|user1@DomainA.ForestA.com||Domain1.Forest1.com||Failure||The Simple bind cannot resolve the user across the forest boundary.|
|user2@Domain1.Forest1.com||DomainA.ForestA.com||Failure||The same as above, but in reverse.|
Unfortunately this is yet another example of how reliance on Simple LDAP binds for integration in complex directory environments break down, yet many applications still rely on them for enterprise integration. This leads to potential workaround infrastructure solutions such as aggregated directories and virtual directories to avoid needing multiple redundant accounts. Thanks for the insight to those on DirectoryProgramming.net forums for setting my expectations correctly that this was not going to be a valid solution to the problem.
If there are other things I overlooked which might make this a reality, please go ahead and drop me a line in the comments.
There appears to be a scenario where you might have a success based on the displayName, as per this conversation.
I had an interesting afternoon today, trying to identify an issue that occurred while working on a user migration project. This is a solution I have used for many apps that only support a single Domain/Naming context when in a distributed directory environment. The benefits and issues with this for long term use will be for another post all together.
Some background on the plan, is that due to an acquisition, there is a planned migration from a legacy Active Directory domain, into a new Active Directory forest/domain. Ultimately we want to use the same username from the OldDomain in the NewDomain, so that the user experience for the applications are pretty seamless to the users of the applications. Many of these applications only require a username and a password which is used to BIND to an LDAP directory for a success/failure status, and then a possible query for any user metadata or groups.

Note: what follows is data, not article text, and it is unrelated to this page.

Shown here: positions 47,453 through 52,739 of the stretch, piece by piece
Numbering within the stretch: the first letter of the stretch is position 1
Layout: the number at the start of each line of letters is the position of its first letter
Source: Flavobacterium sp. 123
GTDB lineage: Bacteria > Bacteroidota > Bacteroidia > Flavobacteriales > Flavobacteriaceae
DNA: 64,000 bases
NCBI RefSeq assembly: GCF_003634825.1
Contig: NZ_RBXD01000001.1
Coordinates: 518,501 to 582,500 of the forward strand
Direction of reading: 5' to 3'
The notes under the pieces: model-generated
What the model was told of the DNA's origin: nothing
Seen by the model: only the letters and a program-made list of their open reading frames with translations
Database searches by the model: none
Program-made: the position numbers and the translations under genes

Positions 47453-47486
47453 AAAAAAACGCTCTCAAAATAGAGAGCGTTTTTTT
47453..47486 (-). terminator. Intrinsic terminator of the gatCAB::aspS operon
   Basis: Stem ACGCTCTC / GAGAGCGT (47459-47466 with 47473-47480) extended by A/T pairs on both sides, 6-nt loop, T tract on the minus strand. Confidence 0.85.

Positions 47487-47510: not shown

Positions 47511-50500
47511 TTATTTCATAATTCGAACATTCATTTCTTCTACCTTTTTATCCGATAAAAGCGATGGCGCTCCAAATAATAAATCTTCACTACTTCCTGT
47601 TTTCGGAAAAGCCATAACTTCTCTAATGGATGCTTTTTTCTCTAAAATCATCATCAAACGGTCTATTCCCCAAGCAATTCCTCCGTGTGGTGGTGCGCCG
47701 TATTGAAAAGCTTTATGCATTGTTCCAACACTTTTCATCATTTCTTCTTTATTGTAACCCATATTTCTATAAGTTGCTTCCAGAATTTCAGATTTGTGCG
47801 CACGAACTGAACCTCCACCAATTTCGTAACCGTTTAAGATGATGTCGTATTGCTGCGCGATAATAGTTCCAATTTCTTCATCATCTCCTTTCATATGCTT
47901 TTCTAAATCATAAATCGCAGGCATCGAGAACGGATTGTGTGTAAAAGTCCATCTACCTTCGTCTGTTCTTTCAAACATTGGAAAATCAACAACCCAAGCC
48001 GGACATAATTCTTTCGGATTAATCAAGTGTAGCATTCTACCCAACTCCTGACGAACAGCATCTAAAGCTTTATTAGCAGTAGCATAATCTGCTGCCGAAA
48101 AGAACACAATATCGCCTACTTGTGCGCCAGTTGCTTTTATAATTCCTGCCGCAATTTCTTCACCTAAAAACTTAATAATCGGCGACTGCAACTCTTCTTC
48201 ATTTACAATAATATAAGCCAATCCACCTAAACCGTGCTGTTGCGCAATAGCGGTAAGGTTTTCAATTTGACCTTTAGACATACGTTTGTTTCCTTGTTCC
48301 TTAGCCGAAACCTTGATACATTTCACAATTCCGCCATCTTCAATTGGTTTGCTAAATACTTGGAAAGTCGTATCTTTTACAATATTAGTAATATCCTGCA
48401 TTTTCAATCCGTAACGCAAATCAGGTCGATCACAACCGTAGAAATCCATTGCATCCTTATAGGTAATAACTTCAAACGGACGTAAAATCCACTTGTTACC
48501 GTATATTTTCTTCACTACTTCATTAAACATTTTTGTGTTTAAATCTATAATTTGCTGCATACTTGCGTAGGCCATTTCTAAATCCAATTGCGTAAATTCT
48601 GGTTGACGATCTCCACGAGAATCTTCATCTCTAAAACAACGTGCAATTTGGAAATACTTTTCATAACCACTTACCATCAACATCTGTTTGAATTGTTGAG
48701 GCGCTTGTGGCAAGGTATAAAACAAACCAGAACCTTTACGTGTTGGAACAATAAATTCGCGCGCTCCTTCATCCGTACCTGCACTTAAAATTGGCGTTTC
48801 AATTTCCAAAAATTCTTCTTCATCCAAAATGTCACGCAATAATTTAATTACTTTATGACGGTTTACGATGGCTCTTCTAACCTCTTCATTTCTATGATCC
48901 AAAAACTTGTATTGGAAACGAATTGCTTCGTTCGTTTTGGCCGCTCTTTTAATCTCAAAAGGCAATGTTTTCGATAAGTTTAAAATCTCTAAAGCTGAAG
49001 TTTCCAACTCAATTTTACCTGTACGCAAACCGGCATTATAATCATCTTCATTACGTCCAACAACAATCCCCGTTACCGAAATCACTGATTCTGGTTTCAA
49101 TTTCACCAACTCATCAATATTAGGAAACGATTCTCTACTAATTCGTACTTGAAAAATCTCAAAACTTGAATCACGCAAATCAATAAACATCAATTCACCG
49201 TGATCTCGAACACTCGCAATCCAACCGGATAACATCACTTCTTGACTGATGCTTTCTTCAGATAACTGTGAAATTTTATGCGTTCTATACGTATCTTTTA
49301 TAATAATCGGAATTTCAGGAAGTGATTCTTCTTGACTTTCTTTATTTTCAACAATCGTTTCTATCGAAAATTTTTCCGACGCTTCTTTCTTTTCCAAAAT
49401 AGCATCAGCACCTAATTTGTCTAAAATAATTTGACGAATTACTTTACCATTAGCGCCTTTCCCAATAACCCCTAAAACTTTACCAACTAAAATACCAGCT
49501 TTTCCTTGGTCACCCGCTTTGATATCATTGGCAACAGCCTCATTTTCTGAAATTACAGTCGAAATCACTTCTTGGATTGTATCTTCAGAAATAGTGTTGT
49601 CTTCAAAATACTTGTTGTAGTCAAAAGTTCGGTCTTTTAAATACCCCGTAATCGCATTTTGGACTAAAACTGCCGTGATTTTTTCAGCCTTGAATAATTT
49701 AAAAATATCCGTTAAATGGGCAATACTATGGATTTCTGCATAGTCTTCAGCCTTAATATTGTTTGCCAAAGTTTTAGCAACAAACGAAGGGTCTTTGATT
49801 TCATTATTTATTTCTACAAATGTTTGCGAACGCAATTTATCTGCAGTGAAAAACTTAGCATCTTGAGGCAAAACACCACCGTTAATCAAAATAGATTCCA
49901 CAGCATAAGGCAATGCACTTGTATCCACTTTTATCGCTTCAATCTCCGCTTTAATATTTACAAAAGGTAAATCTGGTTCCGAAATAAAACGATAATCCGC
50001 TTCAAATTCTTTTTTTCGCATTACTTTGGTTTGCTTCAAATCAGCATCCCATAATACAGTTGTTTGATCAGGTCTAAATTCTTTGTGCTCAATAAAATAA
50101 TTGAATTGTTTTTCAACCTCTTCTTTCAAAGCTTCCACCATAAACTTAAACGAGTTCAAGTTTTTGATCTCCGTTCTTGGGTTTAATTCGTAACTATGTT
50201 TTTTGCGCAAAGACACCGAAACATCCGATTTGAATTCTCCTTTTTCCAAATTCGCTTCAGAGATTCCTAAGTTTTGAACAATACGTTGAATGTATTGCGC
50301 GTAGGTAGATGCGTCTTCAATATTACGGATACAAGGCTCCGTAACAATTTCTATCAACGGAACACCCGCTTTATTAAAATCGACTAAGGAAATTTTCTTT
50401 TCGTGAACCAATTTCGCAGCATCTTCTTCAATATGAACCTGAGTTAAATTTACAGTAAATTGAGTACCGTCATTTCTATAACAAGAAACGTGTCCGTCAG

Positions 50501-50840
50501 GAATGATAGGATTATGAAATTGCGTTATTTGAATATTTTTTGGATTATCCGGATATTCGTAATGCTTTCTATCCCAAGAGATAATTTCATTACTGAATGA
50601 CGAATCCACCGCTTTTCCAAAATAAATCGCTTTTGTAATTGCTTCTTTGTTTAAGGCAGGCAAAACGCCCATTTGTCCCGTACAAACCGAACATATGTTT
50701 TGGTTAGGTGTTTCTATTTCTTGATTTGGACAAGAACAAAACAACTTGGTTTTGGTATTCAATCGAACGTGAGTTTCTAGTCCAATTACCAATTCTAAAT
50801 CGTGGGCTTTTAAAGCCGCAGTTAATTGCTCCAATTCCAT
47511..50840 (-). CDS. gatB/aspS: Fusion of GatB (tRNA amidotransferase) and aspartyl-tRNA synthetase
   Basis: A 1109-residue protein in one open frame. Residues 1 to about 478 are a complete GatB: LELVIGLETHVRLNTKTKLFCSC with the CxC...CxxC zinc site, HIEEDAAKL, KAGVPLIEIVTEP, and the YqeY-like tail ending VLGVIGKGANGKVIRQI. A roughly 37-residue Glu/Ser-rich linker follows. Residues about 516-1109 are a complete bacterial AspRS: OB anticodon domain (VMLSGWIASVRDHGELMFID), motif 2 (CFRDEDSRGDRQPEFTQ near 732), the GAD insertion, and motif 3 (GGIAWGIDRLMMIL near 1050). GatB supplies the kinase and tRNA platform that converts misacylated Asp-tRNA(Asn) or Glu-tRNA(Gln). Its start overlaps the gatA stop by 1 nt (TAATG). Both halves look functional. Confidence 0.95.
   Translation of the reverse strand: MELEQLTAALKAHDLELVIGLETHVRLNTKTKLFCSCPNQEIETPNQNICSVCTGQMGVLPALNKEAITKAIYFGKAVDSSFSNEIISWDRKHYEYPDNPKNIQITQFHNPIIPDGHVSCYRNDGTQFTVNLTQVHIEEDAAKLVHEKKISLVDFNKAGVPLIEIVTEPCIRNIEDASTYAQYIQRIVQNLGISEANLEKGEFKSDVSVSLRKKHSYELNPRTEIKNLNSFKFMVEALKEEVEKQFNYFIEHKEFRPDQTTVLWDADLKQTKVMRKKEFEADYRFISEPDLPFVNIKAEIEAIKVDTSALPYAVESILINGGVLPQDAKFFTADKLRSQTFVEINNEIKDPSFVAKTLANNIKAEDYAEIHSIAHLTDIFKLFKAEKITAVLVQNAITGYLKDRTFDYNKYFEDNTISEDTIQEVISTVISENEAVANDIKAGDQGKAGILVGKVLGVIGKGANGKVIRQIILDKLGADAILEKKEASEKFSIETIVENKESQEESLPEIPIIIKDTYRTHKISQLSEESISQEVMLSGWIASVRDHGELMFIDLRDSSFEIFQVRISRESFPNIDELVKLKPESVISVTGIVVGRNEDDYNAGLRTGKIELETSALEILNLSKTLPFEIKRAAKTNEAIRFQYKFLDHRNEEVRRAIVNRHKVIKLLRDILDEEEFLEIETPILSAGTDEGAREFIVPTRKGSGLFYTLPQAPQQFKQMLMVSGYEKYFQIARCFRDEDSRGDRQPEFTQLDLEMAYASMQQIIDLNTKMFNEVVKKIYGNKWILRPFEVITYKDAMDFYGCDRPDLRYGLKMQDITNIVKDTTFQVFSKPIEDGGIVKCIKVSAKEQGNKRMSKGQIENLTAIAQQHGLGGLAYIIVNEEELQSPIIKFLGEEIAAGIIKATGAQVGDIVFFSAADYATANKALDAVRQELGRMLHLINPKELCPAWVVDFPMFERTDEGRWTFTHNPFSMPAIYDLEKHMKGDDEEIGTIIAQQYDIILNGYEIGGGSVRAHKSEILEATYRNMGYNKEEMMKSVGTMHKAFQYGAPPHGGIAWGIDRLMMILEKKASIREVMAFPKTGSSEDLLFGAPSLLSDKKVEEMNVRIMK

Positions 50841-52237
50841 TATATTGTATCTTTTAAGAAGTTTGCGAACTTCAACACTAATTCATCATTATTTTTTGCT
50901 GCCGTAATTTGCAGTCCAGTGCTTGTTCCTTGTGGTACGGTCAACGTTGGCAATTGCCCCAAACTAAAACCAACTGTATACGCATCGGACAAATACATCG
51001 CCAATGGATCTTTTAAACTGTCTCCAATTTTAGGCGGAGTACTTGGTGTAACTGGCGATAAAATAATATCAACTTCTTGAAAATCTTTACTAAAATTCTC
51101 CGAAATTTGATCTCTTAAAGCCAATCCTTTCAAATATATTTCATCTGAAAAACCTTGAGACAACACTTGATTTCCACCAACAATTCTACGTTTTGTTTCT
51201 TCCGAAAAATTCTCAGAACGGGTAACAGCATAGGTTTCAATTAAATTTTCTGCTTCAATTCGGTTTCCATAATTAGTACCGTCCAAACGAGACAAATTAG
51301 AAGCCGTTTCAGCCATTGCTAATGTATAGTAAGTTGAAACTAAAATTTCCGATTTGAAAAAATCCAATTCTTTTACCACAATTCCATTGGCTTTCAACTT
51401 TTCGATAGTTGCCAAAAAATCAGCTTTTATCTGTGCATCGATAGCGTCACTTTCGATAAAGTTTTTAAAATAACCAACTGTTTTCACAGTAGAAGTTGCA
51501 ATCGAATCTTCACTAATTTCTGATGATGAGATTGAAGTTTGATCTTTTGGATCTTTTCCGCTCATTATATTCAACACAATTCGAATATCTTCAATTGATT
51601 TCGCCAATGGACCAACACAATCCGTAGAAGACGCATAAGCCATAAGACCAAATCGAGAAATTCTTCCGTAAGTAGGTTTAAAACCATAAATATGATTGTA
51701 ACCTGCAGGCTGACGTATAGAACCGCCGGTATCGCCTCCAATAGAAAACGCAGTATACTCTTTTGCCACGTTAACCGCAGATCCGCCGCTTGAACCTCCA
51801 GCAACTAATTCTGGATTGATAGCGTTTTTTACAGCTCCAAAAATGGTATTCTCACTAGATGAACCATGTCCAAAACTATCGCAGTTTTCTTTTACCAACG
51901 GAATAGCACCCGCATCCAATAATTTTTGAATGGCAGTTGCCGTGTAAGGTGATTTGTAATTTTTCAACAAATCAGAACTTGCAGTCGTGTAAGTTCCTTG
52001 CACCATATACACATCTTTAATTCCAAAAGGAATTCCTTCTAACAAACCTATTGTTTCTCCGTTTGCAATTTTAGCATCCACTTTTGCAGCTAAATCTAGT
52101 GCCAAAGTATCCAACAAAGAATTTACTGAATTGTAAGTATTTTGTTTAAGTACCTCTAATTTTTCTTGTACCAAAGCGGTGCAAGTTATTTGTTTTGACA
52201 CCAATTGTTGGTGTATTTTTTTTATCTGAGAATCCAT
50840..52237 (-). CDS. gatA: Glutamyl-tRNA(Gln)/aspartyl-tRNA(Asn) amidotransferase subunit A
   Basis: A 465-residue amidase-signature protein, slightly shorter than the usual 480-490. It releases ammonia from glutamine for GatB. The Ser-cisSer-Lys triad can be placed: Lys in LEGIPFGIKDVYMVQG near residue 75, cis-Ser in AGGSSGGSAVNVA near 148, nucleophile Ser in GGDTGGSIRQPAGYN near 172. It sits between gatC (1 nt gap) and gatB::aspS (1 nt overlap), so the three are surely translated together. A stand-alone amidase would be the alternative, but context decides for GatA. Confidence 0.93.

Things to note:
- A single Big Bang migration is not possible, and needs to be a phase migration of users
- Many applications only support a simple BIND to a single LDAP directory
- Users are domains in different forests (Sorry, no GCs )
- User Names are unique between OldDomain and NewDomain
During this migration period, applications will need to authenticate and do LDAP queries for user information, but many of the applications only support 1 domain/Naming context. They also only support Simple LDAP binds, and rarely a SASL bind among them.
One of the solutions for these single NC dependent applications, was to utilize Identity Life Cycle Manager (ILM) and Active Directory in Application Mode (ADAM) to give these applications the ability to authenticate users from multiple domains, but still provide a single BIND point.
This can be accomplished by using ILM to import the user data from OldDomain and NewDomain, and provision userProxy objects into an ADAM instance which becomes the central point of application Binding. The userProxy object (it does not need to be userProxy, it just needs to support the msDS-bindProxy aux class) does not contain a password like a normal user object, but instead proxies the simple bind authentication request to the Active Directory Domain that the userProxy is linked too. This linking is done by populating the objectSid property of the ADAM user with the SID of the parent AD user. When the SIMPLE bind to ADAM for that username, the request is sent to AD using the local Security API (More on this later). You can read more about Bind Redirection for ADAM Proxy Objects here. The benefit is that all your auditing/compliance/support is managed at the Active Directory level, and not at the ADAM level. This avoids having to sync user passwords to ADAM, and all the issues that may arise with that.